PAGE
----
I also added two books to my TBR list. “The Essential Marx” A collection of Marx writing, edited by Trotsky in the 30’s to show what he based his thinking on. And “The Portable Atheist.” Another collection of atheist and agnostic works through the ages. I’m not a Marxist or an Atheist, but it seems to be the way the world leans these days, so it’s best to know why, right?

I think “it’s making me sad for no reason” is a legitimate reason to DNF (did not finish) a book. If the book were giving me background on Communism, the ideology and culture of China, reasons for the revolution, or details about its connection with the Russian Revolution, I’d keep reading, even if it did make me sad. All it’s doing right now is listing atrocities and creating a monster to hate and fear. That’s never a good way to help thinking people make better decisions.

I only started this book a few days ago and posted about it at “Mao – The Unknown Story: New Read.”

Listen Like You Mean It: Final Thoughts

Listen Like You Mean It book cover

Listen Like You Mean it by Ximena Vengoechea was a strange journey. It started strong for me, started to peter out, and then picked up again at the end. The author used her experience in business, as a researcher for apps, to explain how to better listen in conversation. It makes sense. Her job was to listen to people’s first thoughts, experiences, and usage needs of an app to make it work better for them and for the company.

I suck at wrapping up what I think of a whole book. Bottom line of this one was that I liked it. I got some good bits from it. And I hope I can practice some of the things I learned in it. That’s the key. Most of it was the stuff you always hear about how to be a better listener, but if you don’t practice new ways consciously and often, you’ll only fall back into your old routines and habits.

How does one practice better conversation techniques? Especially now.

One thing I noted to myself in the margins of this book was that much of these listening skills could really be used in self-discovery and self-talk as well. How we talk to and listen to ourselves is how we look at the world around us. Can I make some useful reminders to practice these techniques on myself at home? If I can master a few of them, make them a habit when alone, maybe I can use them more readily the next time I’m out to lunch with a friend?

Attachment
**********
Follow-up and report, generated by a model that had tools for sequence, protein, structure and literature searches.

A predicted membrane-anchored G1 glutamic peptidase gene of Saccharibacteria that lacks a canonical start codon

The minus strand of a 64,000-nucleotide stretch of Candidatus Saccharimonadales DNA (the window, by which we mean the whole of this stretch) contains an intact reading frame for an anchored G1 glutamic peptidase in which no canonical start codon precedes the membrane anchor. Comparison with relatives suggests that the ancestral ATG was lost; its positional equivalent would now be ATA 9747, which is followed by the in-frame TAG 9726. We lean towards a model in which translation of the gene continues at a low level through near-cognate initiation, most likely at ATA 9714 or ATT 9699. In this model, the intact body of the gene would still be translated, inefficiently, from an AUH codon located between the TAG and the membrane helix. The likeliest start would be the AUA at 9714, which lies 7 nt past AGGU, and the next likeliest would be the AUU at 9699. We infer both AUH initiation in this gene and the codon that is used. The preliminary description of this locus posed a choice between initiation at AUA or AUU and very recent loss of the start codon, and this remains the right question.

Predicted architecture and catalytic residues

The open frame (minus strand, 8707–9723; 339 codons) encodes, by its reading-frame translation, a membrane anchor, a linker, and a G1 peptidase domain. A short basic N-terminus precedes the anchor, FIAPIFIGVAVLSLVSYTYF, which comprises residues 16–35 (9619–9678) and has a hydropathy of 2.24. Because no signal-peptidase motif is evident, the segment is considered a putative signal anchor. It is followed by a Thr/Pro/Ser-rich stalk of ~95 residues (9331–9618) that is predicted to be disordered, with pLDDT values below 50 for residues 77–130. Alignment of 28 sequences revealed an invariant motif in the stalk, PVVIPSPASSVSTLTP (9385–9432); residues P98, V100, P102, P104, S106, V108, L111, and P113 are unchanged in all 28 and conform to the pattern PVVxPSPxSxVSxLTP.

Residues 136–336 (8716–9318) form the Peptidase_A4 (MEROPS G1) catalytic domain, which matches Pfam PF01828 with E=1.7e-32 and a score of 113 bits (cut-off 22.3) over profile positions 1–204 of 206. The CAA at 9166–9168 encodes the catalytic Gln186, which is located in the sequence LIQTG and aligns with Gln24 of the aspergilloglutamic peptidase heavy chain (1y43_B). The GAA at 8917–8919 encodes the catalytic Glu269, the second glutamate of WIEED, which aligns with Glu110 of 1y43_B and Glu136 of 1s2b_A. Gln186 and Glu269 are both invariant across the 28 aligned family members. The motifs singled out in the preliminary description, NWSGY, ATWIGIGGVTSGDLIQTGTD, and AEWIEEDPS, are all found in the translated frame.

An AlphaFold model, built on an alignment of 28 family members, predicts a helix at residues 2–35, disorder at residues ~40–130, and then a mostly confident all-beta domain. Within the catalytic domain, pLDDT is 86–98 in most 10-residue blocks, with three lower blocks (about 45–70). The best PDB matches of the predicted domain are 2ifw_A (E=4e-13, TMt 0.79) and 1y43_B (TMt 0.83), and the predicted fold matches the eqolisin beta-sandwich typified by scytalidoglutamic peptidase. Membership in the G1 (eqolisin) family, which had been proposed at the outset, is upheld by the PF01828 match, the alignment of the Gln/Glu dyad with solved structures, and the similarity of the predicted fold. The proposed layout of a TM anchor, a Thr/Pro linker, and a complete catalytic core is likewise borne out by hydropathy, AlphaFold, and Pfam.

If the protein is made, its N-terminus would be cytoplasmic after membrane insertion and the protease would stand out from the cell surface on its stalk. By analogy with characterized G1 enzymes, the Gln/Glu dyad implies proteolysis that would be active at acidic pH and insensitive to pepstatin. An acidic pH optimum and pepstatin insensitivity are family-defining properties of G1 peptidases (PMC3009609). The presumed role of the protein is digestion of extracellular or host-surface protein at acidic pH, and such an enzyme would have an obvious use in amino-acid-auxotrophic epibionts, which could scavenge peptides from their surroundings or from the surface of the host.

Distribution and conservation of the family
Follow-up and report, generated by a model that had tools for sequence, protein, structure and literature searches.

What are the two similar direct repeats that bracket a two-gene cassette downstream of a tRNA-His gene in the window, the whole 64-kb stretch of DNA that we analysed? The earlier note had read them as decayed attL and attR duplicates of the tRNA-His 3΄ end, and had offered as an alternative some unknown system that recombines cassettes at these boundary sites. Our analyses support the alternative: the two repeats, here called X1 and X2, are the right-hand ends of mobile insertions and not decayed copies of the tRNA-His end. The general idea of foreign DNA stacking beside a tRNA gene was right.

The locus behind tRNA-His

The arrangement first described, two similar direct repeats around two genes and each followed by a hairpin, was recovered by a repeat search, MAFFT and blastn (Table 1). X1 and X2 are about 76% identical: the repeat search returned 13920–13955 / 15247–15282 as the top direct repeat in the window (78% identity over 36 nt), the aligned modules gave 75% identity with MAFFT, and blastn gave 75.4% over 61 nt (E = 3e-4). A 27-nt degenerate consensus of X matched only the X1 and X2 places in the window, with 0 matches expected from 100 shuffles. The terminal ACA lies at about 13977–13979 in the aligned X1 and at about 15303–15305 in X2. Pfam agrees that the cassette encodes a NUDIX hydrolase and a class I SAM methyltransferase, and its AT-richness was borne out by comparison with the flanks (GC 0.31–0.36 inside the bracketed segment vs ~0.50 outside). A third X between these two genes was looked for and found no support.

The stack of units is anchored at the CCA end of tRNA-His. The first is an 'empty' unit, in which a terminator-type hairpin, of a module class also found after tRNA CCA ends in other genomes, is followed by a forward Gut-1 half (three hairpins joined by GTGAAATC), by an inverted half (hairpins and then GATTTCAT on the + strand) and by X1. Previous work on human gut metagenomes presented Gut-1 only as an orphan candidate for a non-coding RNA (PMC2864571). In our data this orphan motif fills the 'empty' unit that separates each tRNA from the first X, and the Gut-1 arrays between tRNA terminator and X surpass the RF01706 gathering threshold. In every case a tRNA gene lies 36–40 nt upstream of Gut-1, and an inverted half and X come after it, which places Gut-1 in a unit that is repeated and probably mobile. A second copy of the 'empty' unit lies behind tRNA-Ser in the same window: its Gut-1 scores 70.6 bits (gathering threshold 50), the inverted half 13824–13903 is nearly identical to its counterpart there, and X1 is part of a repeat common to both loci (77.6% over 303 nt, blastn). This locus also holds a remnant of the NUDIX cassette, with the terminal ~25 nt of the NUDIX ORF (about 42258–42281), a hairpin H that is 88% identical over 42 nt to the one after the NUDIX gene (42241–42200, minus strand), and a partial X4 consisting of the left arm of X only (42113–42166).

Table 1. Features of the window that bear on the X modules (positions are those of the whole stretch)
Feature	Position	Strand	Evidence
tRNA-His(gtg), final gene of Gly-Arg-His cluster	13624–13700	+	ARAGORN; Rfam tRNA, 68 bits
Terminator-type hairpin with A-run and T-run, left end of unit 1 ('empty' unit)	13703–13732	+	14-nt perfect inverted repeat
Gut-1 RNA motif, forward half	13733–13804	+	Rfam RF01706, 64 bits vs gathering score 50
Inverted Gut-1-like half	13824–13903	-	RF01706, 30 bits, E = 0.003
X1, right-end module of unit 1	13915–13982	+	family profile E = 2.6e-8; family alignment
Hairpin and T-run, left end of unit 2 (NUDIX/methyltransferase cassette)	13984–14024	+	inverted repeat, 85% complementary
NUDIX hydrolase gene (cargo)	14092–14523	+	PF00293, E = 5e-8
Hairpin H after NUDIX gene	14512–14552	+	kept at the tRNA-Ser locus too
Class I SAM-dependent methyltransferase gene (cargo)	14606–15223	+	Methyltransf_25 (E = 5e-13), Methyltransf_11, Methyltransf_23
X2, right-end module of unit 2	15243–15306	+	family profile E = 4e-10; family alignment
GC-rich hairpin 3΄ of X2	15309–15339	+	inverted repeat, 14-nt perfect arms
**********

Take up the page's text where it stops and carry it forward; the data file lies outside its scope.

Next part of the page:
Halfway into the book, I started to get frustrated. Some of it seems too technical and businesslike. Maybe these would be great for someone that was around a lot of people all the time, at work or school. I don’t feel like they apply to my lifestyle. I read but glossed over much of those chapters and kept reading instead of giving up and not finishing.

I’m glad I did because the chapters on difficult discussions and resting and recharging between conversations were especially inspiring.

“We can express ourselves with humility, admitting what we do and do not know, and with curiosity, staying open to how others may receive us in conversation. We can practice patience, become aware of when our body language is telling us we are closing ourselves off, and quiet our minds when our thoughts and fears get in the way of being honest. We can make the necessary space to be ourselves, just as we do for our partners.”

Listen Like You Mean It

See? Conversation is a give and take thing. We are all in need of that intimate connection with another human or two. The first step, like everything we wish to achieve, it ours to make.

Was the book worth reading? Yes, and it would be even more so if you happen to be in a situation where you work or live closely with a lot of other people.

Pop back to my post “Listen Like You Mean It” – Another New Read, to start at the beginning of my journey and find other posts about this book.

Classic Crime Drama: Prayer for the Dead

Remember that book I started a few days ago, Prayer for the Dead? It turned out to be a classic crime drama that I couldn’t put down.

A Crime Drama Classic

I wasn’t all that impressed with the first chapters, but as I read on, I started to see its charm. And then it got creepier…and then there I was, yelling at the book, “No! What the hell?” and “Don’t go in there!”

My son came in the room right as I started the last twenty pages, and I was forced to tell him that whatever he had to say at this time would have to wait. I held the book aloft, my thumb in the crack just pages from the end, and pleadingly looked at him. “Just a few more minutes? I can’t stop now.”